Another important attitude is a sense of humour. Of course, people are born with a sense of humour. There is a sense of humour and there is a sense of the ridiculous. If you have a sense of the ridiculous, it means you laugh at other people. However, with a sense of humour you laugh at yourself. In the Zen tradition, the monks in some orders are not allowed to rise in the morning until they laugh. Not just a little chuckle but a really big belly laugh until tears come from their eyes. What are they laughing at? At themselves. What they did yesterday, what they will do today. Then they start the day. We have to be able to laugh at ourselves in difficult situations. It is a wonderful gift. If you don't have it, try to develop it.
Our attitude towards success and failure is important. You don't achieve, you grow; and sometimes failure brings success and success brings failure. It depends on how we achieve something. The effort you put into the achievement is also important. It may be that it is your karma or God's will that you have success or failure. You work to try to succeed, of course, but if you don't succeed, you need to remember that success and failure are both teachers. When one really makes an effort, it is not a question of success or failure but of the degree of success or failure. Our duty is to act and not be overly concerned with the result. Do your best and then leave the result in other hands.
Remember that you are in exactly the right place and in the right circumstances for the next step in your evolution. Always act well the part that is given to you, just as actors do in a play. The divine will has assigned roles to us. We may be rich or poor, famous or not, in good health or poor health, but we need to act our role as best we can, without complaining about it. Wherever you are and whatever your circumstances, put on a brilliant act.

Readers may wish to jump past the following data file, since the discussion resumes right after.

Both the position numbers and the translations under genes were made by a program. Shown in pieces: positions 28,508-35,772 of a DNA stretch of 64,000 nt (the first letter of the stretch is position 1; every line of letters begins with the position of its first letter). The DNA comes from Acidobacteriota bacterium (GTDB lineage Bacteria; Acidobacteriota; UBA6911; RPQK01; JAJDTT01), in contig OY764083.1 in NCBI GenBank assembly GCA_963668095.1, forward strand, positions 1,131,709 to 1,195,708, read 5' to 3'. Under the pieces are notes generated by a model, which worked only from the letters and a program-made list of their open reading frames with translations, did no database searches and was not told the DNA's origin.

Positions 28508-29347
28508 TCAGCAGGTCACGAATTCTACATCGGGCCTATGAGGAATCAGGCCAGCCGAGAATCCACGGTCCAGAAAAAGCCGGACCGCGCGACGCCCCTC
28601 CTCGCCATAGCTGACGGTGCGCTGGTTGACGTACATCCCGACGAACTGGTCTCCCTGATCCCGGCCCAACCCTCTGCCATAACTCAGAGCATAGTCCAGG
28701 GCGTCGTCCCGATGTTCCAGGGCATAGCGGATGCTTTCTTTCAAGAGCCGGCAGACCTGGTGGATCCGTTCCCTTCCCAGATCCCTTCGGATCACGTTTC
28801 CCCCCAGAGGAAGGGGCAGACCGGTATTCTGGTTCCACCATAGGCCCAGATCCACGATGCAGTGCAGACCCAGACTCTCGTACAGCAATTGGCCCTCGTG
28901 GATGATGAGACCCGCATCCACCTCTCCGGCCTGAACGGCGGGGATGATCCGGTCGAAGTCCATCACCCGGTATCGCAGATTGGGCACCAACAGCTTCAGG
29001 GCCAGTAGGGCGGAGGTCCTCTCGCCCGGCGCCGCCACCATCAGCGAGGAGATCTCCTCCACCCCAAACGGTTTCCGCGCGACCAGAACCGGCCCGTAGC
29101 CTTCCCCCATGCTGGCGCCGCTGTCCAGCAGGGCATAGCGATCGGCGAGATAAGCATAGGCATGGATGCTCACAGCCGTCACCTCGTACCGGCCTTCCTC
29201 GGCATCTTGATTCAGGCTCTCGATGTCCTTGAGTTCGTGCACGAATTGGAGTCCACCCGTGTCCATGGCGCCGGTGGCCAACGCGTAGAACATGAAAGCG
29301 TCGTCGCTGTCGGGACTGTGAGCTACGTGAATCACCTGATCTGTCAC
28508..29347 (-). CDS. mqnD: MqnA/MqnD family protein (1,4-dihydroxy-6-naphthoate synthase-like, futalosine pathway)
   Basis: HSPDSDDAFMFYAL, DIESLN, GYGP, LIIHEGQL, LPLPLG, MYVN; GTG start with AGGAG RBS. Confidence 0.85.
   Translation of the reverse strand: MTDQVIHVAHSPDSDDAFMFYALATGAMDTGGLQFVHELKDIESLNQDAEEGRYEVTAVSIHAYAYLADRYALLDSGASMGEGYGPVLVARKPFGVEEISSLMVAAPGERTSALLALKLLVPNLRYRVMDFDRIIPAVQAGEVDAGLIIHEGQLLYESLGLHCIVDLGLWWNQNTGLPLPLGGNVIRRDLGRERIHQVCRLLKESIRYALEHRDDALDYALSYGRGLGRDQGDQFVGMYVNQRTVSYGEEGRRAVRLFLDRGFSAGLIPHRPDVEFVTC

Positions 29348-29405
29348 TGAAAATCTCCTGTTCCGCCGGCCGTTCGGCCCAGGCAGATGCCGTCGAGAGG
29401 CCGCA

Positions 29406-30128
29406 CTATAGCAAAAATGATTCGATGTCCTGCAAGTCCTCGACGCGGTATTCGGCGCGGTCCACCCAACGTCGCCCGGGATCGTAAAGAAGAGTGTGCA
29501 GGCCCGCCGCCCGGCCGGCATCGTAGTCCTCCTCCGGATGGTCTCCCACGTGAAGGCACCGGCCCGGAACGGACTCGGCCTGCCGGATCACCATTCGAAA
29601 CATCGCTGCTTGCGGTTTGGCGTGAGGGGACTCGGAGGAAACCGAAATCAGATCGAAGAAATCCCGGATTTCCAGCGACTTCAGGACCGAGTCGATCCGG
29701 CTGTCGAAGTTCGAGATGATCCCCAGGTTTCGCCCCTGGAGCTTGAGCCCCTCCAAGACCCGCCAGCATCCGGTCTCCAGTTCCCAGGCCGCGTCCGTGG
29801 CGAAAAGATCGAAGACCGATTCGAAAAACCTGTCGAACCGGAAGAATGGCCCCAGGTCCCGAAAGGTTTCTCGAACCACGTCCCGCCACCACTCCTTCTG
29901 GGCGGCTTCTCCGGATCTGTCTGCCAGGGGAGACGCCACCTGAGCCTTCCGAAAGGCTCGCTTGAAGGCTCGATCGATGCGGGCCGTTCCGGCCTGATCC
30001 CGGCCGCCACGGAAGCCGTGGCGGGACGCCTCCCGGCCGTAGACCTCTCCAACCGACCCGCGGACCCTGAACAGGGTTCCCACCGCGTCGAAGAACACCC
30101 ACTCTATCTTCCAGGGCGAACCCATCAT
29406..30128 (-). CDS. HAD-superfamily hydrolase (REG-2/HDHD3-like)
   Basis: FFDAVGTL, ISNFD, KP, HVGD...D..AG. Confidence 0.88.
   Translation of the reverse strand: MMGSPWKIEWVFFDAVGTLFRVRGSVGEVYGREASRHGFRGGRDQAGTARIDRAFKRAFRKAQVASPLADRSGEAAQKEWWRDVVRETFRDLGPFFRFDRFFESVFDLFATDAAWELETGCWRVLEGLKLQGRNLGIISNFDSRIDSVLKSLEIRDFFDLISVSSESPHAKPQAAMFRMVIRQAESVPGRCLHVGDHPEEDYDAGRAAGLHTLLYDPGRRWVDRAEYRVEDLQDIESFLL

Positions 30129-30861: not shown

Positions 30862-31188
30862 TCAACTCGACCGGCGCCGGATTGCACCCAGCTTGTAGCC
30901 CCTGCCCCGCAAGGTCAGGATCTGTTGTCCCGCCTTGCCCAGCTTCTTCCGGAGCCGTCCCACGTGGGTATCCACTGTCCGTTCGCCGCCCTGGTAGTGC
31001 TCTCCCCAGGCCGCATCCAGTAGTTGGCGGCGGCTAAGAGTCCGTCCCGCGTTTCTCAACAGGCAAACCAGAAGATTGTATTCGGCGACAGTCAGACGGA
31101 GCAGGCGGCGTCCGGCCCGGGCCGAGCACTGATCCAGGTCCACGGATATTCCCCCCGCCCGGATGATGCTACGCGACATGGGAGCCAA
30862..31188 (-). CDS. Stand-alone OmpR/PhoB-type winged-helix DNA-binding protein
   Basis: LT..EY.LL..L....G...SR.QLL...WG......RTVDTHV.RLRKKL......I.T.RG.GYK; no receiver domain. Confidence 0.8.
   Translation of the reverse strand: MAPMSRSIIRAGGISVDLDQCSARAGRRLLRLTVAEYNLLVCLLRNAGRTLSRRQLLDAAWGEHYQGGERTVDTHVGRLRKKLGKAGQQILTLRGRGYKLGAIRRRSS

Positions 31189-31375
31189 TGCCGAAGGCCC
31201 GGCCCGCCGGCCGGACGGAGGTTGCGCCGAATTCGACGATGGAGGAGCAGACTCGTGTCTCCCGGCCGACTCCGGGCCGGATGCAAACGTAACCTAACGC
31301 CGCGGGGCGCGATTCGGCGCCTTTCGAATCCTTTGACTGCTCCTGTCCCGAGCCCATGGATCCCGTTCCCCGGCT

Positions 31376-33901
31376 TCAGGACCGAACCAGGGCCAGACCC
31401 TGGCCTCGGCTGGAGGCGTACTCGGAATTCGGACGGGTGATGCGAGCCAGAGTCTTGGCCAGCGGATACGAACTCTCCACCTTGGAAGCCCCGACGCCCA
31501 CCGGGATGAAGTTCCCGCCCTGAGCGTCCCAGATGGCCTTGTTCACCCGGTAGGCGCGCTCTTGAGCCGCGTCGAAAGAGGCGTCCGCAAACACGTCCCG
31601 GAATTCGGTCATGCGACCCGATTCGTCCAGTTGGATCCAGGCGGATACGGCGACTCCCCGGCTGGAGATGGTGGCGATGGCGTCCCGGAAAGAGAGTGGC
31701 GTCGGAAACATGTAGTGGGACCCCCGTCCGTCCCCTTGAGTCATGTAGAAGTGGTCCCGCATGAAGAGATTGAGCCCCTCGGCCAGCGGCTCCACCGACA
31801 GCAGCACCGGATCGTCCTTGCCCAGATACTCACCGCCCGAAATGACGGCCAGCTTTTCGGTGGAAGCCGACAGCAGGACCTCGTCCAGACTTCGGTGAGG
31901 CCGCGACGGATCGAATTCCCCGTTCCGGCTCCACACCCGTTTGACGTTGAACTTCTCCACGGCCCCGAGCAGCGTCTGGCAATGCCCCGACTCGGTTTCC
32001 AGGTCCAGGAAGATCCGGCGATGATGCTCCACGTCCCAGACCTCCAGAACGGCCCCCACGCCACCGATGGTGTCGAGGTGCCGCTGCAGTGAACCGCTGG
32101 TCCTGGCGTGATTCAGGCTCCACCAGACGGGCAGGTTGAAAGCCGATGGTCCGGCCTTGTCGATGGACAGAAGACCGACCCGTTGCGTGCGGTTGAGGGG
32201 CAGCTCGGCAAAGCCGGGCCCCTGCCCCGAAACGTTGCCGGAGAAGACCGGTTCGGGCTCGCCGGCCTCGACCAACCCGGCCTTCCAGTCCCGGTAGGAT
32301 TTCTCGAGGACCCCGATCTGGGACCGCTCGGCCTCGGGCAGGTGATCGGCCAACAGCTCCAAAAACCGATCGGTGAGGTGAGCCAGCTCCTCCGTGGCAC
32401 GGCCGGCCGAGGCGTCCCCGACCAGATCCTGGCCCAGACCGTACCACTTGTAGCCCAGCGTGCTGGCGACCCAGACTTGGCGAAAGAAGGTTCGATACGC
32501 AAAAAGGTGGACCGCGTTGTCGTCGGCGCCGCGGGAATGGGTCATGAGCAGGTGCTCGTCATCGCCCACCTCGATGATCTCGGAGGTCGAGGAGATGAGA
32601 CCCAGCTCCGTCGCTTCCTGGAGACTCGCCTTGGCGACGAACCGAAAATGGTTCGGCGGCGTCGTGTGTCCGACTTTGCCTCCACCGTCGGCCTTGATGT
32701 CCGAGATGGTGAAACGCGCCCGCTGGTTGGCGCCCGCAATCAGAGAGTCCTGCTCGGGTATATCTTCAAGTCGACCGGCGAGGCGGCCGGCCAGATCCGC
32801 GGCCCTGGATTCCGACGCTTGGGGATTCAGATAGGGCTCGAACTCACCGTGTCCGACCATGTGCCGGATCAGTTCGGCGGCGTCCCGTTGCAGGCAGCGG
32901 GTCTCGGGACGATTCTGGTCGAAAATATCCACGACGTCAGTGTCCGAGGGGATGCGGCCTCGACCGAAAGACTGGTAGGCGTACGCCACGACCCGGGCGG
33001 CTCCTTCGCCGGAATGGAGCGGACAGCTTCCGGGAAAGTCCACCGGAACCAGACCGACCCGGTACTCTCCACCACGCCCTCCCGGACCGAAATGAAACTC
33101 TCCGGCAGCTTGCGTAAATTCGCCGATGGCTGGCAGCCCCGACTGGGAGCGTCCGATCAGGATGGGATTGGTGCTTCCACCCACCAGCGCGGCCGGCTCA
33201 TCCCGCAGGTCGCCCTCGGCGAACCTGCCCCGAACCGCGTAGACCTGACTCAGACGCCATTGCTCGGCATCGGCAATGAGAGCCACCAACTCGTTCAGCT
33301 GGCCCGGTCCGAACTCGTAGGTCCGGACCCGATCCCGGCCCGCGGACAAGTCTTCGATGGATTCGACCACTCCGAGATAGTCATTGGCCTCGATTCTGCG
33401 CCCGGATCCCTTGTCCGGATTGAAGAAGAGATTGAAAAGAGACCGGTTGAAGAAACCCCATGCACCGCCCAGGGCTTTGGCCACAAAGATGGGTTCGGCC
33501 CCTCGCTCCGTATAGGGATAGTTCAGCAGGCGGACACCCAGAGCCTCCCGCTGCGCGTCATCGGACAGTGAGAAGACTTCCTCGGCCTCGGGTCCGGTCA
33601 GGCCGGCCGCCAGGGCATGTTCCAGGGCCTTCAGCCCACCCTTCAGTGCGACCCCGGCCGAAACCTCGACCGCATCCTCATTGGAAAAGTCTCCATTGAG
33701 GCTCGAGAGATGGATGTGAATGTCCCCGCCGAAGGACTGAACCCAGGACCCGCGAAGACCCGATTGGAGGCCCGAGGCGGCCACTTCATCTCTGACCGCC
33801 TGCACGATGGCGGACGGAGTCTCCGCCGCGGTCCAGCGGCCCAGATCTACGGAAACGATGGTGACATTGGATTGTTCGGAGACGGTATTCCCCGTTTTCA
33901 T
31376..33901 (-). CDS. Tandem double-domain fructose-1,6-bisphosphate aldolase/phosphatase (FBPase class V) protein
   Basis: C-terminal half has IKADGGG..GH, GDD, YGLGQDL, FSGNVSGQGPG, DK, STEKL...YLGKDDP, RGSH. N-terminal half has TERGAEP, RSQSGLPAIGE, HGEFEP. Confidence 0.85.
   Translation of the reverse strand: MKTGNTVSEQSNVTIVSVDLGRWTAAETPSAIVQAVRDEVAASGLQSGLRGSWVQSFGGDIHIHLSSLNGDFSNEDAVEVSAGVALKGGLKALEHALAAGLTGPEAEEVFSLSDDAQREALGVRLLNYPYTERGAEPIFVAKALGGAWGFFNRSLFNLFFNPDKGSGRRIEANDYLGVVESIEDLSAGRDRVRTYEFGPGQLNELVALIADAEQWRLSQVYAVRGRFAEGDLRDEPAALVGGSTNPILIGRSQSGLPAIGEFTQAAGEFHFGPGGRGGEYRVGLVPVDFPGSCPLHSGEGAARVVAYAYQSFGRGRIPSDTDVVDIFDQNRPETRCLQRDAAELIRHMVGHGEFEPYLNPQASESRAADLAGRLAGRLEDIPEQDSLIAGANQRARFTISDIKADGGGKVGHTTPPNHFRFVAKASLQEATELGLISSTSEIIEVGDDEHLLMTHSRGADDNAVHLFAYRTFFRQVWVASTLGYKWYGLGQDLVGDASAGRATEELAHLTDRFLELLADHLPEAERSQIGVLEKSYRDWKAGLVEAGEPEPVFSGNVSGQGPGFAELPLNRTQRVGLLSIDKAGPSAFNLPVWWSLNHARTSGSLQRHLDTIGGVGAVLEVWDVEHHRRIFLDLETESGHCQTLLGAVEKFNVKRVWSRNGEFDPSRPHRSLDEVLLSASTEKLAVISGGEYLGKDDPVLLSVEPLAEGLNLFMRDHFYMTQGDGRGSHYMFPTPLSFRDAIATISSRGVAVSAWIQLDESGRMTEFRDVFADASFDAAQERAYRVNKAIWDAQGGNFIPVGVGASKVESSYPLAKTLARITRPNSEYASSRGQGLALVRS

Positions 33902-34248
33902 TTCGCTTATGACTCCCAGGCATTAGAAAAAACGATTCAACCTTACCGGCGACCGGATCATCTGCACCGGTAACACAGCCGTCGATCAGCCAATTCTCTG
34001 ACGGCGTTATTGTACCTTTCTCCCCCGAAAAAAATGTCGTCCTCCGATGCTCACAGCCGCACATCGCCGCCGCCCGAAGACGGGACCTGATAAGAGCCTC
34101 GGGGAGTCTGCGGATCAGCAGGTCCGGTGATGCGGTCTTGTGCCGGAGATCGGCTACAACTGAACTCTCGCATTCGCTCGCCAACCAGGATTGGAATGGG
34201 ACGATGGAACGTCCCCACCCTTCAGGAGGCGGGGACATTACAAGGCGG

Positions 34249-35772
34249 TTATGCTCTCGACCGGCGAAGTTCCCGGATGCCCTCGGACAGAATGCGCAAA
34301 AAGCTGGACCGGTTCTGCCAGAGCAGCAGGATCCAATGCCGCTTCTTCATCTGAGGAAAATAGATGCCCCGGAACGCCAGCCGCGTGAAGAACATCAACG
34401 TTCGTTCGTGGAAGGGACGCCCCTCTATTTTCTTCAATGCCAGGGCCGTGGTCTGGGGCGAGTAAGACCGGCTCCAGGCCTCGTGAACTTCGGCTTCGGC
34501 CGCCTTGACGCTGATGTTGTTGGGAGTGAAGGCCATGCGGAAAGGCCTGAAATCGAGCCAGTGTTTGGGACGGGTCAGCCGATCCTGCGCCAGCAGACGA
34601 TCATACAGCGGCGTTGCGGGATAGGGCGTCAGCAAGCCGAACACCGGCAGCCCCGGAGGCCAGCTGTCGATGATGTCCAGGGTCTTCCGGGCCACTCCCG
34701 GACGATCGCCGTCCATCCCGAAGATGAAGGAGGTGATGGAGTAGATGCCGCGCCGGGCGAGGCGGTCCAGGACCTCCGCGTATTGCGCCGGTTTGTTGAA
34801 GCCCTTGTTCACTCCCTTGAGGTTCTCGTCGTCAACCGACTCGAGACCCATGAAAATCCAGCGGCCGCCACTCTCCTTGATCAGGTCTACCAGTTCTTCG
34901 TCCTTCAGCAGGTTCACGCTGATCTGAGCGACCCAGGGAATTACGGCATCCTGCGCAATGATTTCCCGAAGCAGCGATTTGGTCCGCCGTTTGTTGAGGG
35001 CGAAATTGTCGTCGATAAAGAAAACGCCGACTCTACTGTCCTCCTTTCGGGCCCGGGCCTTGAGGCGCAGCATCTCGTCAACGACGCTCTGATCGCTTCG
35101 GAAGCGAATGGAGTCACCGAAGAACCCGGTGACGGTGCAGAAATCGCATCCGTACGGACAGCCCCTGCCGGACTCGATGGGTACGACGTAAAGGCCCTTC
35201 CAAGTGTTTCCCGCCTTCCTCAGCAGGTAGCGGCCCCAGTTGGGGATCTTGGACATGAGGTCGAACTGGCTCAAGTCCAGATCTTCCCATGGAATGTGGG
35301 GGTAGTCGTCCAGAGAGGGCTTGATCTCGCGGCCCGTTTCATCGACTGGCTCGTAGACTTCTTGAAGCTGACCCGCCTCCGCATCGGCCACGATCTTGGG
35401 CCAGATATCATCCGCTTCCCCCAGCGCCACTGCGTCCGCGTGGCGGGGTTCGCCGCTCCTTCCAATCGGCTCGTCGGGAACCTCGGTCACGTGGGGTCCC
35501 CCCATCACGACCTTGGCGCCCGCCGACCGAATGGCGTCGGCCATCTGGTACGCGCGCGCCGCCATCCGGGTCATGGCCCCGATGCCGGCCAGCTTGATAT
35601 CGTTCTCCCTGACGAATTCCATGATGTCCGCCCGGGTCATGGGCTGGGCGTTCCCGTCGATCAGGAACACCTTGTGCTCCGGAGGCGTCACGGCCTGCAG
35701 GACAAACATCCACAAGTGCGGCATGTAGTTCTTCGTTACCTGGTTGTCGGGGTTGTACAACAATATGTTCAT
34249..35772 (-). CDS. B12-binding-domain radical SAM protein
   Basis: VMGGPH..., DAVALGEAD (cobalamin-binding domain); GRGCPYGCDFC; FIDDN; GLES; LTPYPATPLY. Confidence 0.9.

Know that only your response to a person or event can hurt you. Observe, be aware, and avoid personalising events with 'my', 'his' and 'her'. View events as impersonal and indifferent, and avoid good or bad, right or wrong, success or failure. This view takes courage to implement. However, the result is to see the hidden opportunity in every given moment for growth.
What is a good person? The one who achieves tranquillity by having formed the habit of asking on every occasion, "What is the right thing to do now?" Mistreatment comes from false impressions. If someone treats you disrespectfully or speaks unkindly about you, remember that he or she does so from an impression. It is unrealistic to expect that this person sees you as you see yourself.
Paramahamsaji has said this beautifully: "All the problems that you face in life, all the ups and downs, are really the means to your personal evolution. Everything that you face in life, whether pleasant or unpleasant, is really the means to higher awareness. They really help you, though they may seem to hinder you from a limited and personal viewpoint at this stage. They are really the tests, the means to your eventual transcendence and total understanding of reality. It is only through your enemies that you can recognise the seeds of disharmony within yourself Without day to day problems you would never try to overcome obstacles. All the turmoils of everyday life are indicators to stimulate you to overcome your own imperfections. So recognise your problems and use everyday life as the means to attain perfection."